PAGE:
A Public Health Refresher Course

It is too easy to overlook a fundamental public health course, like “Principles of Public Health” when you have acquired the knowledge or surpassed the basics due to field experiences and other educational trainings.

Until now…

Photo Credit: U.S. FDA

Photo Credit: U.S. FDA

University of California, Irvine and Coursera have partnered to offer one of the largest online courses in public health. The course is absolutely FREE and has over 15,000 students enrolled from all over the world. This 5-week course (which began 1/28/2013) discusses everything from the definition of public health to the future of the industry.

So, why take the course?

  1. Everything is optional. You decide your time-commitment. One hour a week? Or 6 hours per week? Your choice. There is no attendance. Choose to watch a few lectures or passively follow discussion boards. Or, complete all the assignments, actively participate in the discussion threads and obtain the certificate of completion.
  2. Keep your finger on the industry pulse. You may have passed your Public Health 101 class in college, but that’s only ONE class, from ONE teacher, at ONE school, during ONE point in world’s history. Foundational principles may not have changed significantly, but their application may have changed dramatically. It may be worth enrolling just to see what industry topics are being discussed.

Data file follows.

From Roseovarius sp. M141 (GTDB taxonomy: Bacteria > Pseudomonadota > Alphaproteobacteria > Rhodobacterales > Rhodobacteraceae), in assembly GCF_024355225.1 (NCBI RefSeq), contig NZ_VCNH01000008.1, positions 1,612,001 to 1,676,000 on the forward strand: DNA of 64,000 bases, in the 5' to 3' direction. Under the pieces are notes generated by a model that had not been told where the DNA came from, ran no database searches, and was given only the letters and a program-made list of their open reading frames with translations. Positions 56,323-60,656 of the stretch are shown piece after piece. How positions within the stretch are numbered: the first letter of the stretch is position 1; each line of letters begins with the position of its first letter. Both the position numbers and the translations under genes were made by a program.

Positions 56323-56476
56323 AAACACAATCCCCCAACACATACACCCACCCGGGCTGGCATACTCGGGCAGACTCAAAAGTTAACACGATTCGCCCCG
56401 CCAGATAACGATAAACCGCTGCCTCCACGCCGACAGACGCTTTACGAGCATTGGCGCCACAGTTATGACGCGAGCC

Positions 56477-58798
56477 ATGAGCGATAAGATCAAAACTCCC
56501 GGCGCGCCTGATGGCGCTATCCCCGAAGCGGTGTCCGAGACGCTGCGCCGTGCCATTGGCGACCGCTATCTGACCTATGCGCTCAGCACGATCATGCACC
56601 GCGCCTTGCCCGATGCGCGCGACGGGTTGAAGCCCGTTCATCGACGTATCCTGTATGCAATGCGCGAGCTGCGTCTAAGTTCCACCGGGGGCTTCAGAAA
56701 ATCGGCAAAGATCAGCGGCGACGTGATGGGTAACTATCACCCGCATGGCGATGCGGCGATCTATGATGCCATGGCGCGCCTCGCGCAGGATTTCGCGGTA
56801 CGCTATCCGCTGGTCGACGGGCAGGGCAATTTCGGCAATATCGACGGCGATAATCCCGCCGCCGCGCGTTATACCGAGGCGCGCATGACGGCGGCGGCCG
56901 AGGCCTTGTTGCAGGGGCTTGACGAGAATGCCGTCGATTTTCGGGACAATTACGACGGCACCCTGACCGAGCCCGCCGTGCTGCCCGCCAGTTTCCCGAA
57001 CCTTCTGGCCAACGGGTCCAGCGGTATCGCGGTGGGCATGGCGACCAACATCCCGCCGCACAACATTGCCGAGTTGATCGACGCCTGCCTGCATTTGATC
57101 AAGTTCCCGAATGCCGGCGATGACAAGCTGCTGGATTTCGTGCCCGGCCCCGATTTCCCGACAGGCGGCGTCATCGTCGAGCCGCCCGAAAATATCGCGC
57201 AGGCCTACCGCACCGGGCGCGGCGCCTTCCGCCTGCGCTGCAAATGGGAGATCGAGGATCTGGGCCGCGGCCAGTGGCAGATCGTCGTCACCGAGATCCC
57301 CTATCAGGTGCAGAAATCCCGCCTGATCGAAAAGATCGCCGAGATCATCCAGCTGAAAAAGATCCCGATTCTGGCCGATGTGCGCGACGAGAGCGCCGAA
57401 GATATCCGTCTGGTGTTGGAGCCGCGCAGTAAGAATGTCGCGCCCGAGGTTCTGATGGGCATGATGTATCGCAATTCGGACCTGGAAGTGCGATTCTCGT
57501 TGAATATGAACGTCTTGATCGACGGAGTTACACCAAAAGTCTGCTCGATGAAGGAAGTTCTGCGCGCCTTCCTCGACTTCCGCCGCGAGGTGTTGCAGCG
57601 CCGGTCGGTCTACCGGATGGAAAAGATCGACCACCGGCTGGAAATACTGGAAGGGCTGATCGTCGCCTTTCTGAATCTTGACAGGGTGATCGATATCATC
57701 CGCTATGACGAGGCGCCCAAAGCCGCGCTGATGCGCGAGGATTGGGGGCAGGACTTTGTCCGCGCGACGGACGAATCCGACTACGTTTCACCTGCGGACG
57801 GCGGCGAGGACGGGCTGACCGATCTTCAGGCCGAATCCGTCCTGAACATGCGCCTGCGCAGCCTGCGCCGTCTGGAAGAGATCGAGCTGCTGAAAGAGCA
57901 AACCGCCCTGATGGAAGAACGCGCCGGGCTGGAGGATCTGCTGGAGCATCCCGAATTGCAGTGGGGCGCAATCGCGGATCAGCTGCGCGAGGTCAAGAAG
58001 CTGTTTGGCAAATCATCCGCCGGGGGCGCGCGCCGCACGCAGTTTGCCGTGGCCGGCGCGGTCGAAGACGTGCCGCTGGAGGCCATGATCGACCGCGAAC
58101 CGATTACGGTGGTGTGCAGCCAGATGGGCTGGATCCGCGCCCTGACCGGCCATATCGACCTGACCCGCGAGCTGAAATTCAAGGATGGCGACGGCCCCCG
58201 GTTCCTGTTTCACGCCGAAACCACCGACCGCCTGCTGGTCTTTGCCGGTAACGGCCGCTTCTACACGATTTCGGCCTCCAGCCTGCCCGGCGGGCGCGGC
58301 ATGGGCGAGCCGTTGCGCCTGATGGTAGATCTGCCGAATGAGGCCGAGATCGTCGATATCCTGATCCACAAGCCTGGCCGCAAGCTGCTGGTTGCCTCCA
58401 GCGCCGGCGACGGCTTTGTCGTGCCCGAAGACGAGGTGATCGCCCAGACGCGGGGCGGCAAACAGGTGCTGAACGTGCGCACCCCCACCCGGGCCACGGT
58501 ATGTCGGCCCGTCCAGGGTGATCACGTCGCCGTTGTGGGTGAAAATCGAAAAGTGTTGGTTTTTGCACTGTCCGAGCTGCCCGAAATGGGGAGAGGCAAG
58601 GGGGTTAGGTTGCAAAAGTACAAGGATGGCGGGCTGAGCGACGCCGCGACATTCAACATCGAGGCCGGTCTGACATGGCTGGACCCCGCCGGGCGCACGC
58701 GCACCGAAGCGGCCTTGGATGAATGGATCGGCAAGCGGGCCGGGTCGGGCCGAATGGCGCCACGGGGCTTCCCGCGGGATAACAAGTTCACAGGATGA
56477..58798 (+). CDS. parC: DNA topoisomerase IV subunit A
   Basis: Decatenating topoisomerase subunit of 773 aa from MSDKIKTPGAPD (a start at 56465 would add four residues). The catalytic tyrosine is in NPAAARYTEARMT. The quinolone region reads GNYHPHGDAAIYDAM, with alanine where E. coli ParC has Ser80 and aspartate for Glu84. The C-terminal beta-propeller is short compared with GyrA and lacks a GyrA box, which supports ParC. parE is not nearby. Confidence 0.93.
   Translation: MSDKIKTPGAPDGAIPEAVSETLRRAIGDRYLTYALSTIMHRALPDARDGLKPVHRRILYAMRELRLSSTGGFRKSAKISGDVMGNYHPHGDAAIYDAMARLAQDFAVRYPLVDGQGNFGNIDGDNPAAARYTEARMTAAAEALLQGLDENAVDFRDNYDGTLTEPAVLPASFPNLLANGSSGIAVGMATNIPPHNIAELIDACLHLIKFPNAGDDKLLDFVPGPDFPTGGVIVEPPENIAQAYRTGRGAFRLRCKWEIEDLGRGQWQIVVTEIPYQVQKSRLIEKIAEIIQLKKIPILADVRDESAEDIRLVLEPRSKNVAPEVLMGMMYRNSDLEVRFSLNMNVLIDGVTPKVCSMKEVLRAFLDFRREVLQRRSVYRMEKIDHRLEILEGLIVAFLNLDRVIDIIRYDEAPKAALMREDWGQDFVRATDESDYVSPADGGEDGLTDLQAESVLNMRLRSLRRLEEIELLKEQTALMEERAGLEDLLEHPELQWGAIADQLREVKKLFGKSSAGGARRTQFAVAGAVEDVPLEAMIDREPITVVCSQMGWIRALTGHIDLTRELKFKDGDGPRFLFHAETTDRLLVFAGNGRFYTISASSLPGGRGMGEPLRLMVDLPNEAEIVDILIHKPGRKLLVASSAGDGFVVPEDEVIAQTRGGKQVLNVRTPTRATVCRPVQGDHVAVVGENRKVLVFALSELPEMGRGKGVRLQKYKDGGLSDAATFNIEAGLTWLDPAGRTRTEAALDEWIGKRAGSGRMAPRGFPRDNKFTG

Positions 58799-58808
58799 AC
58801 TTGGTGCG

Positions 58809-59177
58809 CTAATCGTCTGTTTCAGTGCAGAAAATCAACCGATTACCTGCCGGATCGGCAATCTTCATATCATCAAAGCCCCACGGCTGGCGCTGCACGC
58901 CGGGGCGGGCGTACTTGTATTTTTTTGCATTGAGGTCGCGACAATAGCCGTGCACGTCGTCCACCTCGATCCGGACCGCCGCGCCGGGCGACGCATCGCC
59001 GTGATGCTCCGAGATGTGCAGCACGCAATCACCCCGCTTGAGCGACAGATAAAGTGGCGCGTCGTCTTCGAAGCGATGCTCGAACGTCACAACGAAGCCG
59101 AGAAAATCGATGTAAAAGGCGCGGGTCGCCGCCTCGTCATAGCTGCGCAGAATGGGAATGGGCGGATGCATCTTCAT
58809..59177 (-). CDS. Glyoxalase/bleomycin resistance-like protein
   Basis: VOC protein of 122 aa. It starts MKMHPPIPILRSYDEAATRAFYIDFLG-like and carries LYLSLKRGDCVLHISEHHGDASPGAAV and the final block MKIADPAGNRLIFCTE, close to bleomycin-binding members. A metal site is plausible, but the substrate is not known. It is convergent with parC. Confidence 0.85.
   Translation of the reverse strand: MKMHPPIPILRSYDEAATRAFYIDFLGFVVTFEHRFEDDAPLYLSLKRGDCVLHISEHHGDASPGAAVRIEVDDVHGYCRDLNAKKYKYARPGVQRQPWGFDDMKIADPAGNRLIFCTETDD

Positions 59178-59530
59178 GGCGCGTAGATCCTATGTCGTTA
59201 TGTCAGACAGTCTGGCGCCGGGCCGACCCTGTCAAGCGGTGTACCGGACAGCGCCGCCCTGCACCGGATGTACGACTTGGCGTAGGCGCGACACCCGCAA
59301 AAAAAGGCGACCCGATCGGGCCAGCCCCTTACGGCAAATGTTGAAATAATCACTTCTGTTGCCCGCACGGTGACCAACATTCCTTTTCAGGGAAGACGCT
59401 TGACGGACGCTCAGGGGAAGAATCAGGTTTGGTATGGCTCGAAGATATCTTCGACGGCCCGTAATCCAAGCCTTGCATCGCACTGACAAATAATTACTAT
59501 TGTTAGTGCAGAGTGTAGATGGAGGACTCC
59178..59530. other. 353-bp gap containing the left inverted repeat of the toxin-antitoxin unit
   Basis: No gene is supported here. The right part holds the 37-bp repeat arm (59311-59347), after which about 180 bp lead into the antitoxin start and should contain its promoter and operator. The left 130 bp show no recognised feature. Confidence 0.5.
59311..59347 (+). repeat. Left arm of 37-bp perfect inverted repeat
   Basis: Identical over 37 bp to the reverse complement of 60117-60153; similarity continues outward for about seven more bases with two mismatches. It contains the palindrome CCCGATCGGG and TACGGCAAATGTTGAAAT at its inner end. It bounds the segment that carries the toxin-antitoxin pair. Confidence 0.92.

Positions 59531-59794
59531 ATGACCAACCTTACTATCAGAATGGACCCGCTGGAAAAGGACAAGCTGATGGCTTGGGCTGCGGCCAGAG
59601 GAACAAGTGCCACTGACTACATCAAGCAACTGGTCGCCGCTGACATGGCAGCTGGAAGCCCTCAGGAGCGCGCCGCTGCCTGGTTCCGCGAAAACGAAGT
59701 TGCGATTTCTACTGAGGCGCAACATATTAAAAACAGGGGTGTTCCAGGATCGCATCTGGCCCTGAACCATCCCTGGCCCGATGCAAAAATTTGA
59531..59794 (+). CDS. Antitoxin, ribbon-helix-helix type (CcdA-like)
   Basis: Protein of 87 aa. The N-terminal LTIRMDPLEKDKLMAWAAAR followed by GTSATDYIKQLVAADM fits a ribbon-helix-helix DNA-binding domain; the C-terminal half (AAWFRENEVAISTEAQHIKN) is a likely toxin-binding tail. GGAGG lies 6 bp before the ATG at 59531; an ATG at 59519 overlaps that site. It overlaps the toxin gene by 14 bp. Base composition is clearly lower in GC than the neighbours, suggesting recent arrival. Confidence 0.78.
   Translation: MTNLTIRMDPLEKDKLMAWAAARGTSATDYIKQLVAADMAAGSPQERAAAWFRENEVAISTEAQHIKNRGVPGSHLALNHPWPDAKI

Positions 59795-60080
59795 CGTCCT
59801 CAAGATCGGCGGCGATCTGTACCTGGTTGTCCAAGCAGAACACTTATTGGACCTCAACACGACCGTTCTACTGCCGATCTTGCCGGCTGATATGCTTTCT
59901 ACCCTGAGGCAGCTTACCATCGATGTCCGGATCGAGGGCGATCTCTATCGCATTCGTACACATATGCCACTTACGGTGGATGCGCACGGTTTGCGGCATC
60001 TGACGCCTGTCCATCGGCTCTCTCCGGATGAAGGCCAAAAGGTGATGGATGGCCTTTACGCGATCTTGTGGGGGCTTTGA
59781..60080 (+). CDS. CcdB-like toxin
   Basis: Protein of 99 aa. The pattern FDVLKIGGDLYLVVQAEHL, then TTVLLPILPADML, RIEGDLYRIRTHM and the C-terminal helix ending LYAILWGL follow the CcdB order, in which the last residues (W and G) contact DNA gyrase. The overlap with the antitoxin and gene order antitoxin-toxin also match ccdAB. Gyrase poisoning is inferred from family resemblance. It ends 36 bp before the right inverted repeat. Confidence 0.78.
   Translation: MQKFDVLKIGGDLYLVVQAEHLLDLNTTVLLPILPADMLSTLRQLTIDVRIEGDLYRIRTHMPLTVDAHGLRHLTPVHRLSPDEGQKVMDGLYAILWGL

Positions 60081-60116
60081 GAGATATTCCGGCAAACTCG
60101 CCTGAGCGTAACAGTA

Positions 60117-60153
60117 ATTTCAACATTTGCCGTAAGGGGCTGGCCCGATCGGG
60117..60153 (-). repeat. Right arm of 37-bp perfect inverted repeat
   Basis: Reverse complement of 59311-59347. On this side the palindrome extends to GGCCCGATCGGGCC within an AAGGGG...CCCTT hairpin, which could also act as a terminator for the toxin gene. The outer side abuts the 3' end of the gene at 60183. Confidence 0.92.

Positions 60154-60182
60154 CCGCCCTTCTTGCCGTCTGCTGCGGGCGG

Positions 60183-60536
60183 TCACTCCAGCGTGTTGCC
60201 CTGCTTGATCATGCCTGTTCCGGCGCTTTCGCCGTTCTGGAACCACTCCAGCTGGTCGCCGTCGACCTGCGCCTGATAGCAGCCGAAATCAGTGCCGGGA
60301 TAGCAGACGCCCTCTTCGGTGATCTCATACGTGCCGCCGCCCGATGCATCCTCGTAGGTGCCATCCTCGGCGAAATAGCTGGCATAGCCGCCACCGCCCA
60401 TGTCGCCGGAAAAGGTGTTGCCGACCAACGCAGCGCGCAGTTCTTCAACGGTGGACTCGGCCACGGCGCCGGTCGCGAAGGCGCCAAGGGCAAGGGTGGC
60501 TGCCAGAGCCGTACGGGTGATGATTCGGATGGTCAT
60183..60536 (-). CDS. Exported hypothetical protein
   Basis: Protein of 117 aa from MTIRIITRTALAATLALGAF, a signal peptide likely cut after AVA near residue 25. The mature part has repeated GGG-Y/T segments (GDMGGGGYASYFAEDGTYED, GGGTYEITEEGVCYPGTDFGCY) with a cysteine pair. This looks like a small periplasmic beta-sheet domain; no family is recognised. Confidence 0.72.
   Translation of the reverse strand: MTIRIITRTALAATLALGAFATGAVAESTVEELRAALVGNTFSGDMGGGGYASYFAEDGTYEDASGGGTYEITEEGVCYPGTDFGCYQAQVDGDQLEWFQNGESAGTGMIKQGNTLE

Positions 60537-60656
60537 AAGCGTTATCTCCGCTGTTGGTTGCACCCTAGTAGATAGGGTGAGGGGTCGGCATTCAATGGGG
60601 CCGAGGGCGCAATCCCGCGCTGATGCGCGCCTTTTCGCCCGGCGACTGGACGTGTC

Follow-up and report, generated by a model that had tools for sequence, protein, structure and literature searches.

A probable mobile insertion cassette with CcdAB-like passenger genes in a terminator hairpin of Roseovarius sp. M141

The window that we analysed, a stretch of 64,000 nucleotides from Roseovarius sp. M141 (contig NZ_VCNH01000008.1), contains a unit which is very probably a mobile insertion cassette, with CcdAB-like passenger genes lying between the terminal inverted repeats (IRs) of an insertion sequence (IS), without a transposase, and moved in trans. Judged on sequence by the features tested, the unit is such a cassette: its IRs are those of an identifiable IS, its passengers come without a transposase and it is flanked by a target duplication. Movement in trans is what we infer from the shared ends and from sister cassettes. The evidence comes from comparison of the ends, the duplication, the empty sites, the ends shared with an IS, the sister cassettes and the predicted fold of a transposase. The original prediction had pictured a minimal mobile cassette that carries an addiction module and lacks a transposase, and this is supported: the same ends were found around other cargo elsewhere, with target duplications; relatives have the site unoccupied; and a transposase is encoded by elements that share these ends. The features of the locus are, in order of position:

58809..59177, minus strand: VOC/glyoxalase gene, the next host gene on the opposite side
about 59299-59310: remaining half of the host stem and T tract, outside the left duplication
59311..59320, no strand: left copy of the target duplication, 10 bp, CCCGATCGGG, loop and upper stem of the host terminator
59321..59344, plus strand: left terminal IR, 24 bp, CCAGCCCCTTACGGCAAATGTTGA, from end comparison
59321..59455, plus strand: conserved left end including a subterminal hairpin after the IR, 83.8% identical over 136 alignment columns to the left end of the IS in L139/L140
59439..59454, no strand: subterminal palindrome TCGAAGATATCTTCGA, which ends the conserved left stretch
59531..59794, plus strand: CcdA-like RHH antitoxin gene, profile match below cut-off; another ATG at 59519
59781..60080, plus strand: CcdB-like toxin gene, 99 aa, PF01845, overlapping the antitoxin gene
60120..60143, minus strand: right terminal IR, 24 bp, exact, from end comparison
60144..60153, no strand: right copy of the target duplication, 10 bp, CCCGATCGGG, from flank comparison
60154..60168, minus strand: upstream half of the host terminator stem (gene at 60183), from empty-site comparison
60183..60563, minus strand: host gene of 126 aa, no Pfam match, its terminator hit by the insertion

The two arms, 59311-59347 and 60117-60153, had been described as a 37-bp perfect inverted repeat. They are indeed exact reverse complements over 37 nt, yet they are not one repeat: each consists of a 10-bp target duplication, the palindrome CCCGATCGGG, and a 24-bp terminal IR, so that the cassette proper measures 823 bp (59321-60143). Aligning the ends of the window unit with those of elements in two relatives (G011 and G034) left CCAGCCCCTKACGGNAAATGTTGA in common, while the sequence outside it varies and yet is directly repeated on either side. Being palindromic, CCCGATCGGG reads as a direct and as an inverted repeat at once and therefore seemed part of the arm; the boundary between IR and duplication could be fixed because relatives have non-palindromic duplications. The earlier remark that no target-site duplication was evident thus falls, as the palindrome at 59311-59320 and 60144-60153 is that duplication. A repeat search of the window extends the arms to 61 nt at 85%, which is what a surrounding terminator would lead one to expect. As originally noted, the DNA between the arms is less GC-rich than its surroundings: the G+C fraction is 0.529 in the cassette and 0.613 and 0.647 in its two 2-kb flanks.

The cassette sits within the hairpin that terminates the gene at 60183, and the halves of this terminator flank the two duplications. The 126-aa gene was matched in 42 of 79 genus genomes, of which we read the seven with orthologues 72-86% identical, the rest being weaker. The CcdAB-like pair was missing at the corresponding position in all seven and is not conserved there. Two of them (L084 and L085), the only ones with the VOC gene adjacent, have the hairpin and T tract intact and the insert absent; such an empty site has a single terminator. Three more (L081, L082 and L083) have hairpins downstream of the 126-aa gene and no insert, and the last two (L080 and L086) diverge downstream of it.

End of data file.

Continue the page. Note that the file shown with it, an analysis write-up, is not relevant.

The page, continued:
3. Gain global perspective. Imagine engaging with students from all over the world and having conversations related to your field about topics that are relevant to you. The different student backgrounds and participant experiences may help you re-define or re-frame your own perspectives about public health … and possibly even enhance your career.
  4. Academic reality check. Professionals often wonder if academia aligns with the needs of their industry. Are they adequately preparing people to enter the field of public health or are topics out-dated or irrelevant? Well, here is your chance to find out. It’s also your chance to voice your opinion.
  5. Networking opportunities. You never know when you’ll find a group of peers or colleagues that could lead to future partnerships or potential collaborations. The mean age of a participant in these massive online courses is 35 years old. Many are just like you – working professionals who value life-long learning. They are smart, perceptive, and not always coming from a public health-related field (which can also broaden your perspective). Let’s just say, these may not be the typical 20-something college students from a freshman public health class.